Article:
An information breach of Apprentice Information Systems, which offers computer services to more than half of Arkansas' counties, has affected Ouachita County, but no data has been compromised, according to Ouachita County Judge Robert McAdoo.
"We're down to paper in our collectors office, but we also use a program called Financial Intelligent Software. We use it in the County Clerk's office and we also use it in the Treasurers office," McAdoo said. "So we were affected by the Apprentice superbreach."
McAdoo added that it could take some time for everything to go back to normal.
He stated, "We couldn't do our normal direct deposit of payroll this week, so we did give paper checks this week. The preliminary conversations we're getting from Apprentice is maybe two weeks."
He said that the investigation into the breach is ongoing, but doesn't think that county servers were targeted.
"We don't suspect any local damage." he stated. "We've been advised that it doesn't look like our local was affected, it's all on the Apprentice server.
"Right now they have Homeland Security and CyberSecurity Crimes Server going in their server, trying to pinpoint where the (mal)ware came from. If there has been a ransom, I don't know anything about that. Somebody went in and did some stuff they shouldn't have been doing and shouldn't have been able to get into," he continued.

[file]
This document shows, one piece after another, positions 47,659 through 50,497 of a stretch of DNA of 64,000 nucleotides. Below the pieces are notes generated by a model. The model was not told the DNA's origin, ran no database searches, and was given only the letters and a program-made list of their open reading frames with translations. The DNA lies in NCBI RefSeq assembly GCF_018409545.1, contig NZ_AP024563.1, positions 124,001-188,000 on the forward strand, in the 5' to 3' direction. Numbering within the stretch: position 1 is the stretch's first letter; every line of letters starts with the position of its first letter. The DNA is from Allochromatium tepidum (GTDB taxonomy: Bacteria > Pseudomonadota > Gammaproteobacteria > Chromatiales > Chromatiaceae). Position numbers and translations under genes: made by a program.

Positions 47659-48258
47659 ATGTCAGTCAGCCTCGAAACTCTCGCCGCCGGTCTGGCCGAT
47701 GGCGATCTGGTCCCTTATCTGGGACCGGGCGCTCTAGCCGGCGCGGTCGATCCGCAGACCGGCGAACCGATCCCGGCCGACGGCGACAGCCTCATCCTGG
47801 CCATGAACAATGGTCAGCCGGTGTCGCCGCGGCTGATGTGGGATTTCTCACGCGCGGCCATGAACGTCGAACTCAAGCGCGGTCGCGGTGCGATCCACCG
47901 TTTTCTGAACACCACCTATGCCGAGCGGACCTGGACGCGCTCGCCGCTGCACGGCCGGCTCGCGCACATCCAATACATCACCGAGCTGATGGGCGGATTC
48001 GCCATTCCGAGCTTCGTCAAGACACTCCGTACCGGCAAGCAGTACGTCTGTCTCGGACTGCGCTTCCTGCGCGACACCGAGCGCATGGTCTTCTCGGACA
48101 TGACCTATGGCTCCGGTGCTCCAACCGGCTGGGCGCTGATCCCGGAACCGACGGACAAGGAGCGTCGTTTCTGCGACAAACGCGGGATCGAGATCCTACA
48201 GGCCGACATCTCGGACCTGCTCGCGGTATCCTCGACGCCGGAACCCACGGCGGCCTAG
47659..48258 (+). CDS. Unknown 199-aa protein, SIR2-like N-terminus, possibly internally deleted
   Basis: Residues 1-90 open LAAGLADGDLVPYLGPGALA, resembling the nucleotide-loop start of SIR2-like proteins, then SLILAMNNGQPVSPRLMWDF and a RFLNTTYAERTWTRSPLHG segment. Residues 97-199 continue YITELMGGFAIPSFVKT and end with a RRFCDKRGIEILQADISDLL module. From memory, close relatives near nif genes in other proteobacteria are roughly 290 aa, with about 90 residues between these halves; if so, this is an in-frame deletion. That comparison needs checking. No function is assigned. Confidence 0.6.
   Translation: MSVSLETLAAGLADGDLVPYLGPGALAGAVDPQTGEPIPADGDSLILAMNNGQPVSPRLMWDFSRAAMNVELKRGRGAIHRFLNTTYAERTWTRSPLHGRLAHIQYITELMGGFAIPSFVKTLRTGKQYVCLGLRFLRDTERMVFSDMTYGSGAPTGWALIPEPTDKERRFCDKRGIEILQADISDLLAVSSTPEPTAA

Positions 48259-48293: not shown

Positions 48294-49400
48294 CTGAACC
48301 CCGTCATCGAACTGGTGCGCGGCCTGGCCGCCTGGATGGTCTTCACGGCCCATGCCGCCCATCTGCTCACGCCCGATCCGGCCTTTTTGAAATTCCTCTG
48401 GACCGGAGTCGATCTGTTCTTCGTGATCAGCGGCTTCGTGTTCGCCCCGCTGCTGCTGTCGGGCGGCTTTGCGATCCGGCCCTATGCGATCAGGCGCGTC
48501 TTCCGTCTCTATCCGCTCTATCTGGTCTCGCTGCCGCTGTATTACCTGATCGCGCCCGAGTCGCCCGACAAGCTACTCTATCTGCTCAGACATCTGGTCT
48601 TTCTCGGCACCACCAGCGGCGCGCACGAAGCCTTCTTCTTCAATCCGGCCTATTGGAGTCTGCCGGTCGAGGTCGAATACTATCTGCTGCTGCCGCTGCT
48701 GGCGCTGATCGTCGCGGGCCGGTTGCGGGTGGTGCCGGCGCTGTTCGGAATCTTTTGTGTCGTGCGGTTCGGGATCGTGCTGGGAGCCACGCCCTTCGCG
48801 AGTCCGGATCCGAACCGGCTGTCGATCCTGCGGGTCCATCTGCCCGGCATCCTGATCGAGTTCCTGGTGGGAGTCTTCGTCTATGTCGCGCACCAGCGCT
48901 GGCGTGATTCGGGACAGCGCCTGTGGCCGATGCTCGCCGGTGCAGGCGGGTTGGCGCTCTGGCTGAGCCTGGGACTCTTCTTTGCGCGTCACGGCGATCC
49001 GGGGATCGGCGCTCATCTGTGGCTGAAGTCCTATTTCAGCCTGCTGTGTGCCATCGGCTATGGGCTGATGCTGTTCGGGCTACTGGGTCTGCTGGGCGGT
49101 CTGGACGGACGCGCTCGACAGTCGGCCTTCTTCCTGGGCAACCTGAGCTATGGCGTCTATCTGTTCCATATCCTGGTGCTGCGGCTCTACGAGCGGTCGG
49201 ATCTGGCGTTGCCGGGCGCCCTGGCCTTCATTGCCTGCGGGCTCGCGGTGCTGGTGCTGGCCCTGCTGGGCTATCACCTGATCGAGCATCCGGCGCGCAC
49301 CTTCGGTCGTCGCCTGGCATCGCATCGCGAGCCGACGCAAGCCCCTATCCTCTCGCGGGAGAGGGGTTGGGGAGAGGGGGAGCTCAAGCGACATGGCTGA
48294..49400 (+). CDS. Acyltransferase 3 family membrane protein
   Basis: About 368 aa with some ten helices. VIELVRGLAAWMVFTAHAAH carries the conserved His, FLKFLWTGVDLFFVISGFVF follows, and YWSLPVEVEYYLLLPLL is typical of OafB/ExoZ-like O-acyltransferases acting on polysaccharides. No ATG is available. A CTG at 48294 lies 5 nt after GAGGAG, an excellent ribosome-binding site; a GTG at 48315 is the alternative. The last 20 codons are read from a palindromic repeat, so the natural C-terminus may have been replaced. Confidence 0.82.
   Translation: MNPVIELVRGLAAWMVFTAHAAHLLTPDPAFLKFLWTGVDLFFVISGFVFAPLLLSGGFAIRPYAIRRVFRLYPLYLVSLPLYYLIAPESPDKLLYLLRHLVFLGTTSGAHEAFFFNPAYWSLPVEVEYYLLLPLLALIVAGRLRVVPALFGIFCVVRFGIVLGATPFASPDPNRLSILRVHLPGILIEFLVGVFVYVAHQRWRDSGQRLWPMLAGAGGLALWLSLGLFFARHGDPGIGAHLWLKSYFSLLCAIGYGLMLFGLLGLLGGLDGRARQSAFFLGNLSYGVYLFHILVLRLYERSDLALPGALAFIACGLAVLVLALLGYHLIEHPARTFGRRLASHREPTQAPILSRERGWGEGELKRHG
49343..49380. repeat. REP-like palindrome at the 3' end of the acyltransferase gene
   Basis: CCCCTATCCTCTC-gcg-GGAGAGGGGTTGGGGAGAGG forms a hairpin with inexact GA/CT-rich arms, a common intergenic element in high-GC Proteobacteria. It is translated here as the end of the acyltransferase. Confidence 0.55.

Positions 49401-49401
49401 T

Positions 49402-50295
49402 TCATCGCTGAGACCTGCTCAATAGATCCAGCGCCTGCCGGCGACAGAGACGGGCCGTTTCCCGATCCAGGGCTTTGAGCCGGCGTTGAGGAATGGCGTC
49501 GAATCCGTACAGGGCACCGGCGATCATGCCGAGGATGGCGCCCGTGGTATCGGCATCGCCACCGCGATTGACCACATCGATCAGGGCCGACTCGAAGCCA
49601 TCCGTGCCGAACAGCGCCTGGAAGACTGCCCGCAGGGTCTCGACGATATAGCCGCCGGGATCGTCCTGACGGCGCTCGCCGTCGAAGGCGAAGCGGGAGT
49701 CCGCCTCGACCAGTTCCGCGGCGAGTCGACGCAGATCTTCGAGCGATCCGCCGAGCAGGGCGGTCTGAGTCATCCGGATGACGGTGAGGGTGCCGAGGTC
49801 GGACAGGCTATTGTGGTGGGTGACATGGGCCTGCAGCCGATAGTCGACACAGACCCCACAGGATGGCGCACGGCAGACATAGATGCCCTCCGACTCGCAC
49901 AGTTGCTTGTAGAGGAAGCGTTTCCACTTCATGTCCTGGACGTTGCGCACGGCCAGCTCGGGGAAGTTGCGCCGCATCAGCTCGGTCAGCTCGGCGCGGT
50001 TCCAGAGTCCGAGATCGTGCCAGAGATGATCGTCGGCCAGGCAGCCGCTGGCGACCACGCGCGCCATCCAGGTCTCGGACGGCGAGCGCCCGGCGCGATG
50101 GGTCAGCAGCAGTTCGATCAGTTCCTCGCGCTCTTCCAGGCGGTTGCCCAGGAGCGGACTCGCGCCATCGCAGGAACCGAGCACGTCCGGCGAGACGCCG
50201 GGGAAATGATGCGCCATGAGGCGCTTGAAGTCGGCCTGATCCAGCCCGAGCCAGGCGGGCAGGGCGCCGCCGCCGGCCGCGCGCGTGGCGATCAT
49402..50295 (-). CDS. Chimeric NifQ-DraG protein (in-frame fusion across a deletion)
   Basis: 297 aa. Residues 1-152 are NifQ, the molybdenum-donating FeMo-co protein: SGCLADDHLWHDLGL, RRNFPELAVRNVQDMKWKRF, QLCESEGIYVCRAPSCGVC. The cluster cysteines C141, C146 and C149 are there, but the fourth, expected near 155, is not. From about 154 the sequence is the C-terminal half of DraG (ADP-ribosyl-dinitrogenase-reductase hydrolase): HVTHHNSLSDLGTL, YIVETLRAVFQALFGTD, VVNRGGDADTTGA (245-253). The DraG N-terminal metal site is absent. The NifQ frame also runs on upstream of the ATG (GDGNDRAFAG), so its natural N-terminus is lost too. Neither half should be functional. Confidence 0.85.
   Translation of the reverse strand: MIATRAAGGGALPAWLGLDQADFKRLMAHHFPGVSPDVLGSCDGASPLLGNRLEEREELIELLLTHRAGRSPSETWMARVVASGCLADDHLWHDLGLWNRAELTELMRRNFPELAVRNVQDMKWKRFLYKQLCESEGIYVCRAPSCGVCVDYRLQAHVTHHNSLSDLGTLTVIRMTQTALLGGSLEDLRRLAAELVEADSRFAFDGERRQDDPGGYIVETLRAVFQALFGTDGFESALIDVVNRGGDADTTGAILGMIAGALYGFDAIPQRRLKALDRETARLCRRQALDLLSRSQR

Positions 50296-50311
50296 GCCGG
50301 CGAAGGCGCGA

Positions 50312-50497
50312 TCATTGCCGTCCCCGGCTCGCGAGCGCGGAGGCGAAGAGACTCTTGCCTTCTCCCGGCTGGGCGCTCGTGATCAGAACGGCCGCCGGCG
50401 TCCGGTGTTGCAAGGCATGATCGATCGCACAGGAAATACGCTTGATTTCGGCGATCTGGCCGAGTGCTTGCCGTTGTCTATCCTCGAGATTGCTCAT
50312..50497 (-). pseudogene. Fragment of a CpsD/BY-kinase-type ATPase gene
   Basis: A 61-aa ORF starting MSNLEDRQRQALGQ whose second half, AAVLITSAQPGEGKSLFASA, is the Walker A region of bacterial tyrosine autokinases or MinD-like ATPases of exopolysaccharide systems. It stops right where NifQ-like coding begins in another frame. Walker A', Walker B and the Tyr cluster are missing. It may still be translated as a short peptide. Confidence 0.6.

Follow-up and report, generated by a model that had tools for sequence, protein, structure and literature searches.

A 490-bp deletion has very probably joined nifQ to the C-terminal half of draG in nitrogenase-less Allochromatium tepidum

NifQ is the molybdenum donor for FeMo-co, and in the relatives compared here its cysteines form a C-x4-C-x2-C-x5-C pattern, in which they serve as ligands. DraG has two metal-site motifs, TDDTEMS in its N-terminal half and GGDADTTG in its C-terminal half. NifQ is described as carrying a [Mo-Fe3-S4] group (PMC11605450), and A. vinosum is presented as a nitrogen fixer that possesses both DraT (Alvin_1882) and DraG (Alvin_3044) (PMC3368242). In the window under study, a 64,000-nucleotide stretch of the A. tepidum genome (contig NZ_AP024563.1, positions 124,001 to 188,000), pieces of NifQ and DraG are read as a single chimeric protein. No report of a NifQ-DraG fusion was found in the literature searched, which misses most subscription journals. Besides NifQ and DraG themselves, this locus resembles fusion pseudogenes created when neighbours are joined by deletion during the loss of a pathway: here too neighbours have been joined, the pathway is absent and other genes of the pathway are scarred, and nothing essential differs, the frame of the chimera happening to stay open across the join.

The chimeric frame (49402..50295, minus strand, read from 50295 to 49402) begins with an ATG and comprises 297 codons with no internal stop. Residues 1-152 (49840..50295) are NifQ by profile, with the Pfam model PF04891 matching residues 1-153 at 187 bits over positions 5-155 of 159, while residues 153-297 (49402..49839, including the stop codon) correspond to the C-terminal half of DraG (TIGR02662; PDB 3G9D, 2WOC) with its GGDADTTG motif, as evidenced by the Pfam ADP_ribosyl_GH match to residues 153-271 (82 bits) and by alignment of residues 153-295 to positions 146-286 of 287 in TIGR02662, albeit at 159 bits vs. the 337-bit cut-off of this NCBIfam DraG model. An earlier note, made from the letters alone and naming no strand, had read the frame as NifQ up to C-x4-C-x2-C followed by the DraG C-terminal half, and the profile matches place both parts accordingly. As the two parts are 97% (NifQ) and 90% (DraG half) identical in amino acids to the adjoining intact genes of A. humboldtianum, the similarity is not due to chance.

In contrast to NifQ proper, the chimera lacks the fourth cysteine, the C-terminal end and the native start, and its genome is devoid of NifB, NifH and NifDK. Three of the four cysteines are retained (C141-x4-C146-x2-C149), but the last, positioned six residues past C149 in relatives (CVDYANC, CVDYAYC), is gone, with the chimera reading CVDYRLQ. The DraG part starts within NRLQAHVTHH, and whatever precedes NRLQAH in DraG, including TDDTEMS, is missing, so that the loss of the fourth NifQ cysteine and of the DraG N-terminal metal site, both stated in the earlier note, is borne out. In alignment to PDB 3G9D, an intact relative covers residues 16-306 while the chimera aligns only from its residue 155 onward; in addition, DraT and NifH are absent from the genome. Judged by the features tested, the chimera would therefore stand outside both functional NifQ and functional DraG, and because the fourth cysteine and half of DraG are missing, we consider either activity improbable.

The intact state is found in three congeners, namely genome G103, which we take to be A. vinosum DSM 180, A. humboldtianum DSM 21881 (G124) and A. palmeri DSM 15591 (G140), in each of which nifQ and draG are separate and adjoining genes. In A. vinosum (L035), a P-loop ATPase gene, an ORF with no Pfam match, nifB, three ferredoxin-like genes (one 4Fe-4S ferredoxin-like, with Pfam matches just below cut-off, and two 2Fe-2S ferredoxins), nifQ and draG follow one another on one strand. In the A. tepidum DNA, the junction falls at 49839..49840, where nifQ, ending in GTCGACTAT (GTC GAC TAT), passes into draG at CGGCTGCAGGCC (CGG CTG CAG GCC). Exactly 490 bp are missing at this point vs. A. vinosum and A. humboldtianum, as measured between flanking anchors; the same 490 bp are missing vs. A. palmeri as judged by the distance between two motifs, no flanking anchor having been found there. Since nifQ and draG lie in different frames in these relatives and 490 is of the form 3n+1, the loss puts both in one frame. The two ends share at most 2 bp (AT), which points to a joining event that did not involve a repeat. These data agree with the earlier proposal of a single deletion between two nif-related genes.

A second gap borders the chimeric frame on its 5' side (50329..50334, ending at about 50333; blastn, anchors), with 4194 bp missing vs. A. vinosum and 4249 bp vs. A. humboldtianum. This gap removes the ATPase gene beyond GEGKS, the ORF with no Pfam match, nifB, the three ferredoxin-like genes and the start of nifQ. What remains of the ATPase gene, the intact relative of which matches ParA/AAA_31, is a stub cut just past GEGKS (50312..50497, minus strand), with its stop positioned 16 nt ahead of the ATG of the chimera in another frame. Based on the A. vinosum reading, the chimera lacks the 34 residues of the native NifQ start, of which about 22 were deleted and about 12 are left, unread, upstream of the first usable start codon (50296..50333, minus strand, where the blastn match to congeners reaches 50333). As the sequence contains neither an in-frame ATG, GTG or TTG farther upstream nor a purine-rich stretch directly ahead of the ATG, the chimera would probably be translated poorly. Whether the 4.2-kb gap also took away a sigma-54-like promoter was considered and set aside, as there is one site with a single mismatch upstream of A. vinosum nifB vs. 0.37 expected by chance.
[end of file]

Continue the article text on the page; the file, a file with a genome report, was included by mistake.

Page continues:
The Arkansas Democrat Gazette reported on Monday that Apprentice instructed some government offices to shut down their servers over the weekend as a precaution because of a possible security breach.
The move led some county offices to close Monday and others to keep paper records. Officials said Tuesday that the shutdown had no effect on the state's election process.
Apprentice Information Systems operates in just about every county in Arkansas, a spokesman said Tuesday, but not necessarily every county is going to have issues with their servers. The spokesman, Doug Matayo, is a consultant for the company and is also chief executive officer of Standing Rock Consulting.
"I know that some systems are coming on now ... but it could be early next week before the majority of counties come up completely, there's still obviously a forensic look taking place, making sure everything's clean," Matayo said. "Every county is kind of in their disaster protocol, which basically means their non-technology protocols for now in the interim, but Apprentice and the counties are in contact each day conducting assessments and updates."
McAdoo stated, "It has 'crippled' us a little bit by not being able to carry out or normal routines with direct deposit and they're having to do stuff at the Collector's office by paper their right now."
Arkansas Democrat-Gazette reporter Christina LaRue contributed to this report.